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Last updated on April 21, 2014 at 7:52 EDT

Latest Nasal irrigation Stories

2008-07-14 00:00:26

By Thomas Lee, Star Tribune, Minneapolis Jul. 14--Doctors use balloon catheters to open clogged arteries. Now, one local start-up hopes to apply the same technology to people who have clogged sinuses. Entellus Medical Inc., based in Maple Grove, has developed what it bills as a cheaper and less invasive away to treat sinusitis, or severe chronic sinus infections. The procedure involves inserting a balloon catheter into the nasal cavity through a tiny incision under the lip, expanding...

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2008-07-13 18:00:00

Doctors use balloon catheters to open clogged arteries. Now, one local start-up hopes to apply the same technology to people who have clogged sinuses. Entellus Medical Inc., based in Maple Grove, has developed what it bills as a cheaper and less invasive away to treat sinusitis, or severe chronic sinus infections. The procedure involves inserting a balloon catheter into the nasal cavity through a tiny incision under the lip, expanding the balloon in the passageway and draining excess mucus...

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2008-02-22 09:00:00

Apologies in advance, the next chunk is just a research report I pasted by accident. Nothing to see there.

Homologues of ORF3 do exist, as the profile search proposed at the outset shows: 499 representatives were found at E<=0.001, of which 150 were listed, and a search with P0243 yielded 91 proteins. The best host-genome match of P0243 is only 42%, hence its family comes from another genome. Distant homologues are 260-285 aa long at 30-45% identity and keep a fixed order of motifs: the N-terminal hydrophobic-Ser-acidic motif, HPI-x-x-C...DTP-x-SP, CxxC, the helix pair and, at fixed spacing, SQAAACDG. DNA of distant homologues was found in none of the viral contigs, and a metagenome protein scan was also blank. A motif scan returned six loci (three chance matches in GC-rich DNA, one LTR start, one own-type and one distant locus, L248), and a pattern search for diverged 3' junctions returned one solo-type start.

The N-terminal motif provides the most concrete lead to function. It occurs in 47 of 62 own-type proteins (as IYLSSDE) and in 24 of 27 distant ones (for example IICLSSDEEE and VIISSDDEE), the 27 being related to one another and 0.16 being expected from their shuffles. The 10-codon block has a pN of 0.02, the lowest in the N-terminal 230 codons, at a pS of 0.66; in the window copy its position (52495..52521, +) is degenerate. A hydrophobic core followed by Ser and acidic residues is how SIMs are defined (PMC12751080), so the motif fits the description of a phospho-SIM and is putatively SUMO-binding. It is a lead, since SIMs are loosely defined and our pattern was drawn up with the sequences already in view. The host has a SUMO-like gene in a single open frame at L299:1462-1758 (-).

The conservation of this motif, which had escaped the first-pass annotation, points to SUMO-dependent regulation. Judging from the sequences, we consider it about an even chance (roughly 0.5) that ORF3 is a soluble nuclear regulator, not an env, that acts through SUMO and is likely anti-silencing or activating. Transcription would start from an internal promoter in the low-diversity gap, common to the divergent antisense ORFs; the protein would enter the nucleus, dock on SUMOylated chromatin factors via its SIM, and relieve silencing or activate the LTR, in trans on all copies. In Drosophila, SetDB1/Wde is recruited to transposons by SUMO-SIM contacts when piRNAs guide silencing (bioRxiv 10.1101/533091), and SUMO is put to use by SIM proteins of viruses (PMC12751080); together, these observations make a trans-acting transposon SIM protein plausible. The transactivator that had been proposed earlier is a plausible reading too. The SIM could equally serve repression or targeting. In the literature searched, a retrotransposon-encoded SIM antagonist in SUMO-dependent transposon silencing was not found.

DALLAS -- Like an estimated 36 million Americans, Karen Lukin of Dallas suffers from sinus problems each spring. She tried a sinus rinse at the recommendation of a prominent ear, nose and throat doctor, but it made her gag and seemed expensive. Then she embraced a holistic, low-tech alternative derived from ancient Ayurvedic medicine, practiced for centuries in India: the neti pot. Lukin's introduction to this small appliance came by way of a thoroughly modern forum: "The Oprah...

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2008-01-21 16:00:00

New research shows simple salt water may be the best cure for a child's cold symptoms.  In a recent European study, rinsing with a nasal spray made from Atlantic Ocean seawater improved cold and cough symptoms faster and prevented recurrence in children 6-10 years old. The study, funded by Goemar Laboratories La Madeleine, Saint-Malo, France, which makes Physiomer, the seawater nasal spray used in the analysis, was published in this month's issue of the Archives of Otolaryngology....

2006-07-25 11:15:00

NEW YORK (Reuters Health) - Nasal irrigation, a traditional therapy that has been shown to help people with chronic sinus problems, can be easily learned with a 30-minute group training session, a new study shows. Patients in the study also reported a sense of "empowerment" because they could use and adjust the technique effectively on their own rather than requiring multiple doctor visits and prescriptions, Dr. David Rabago of the University of Wisconsin at Madison and colleagues report....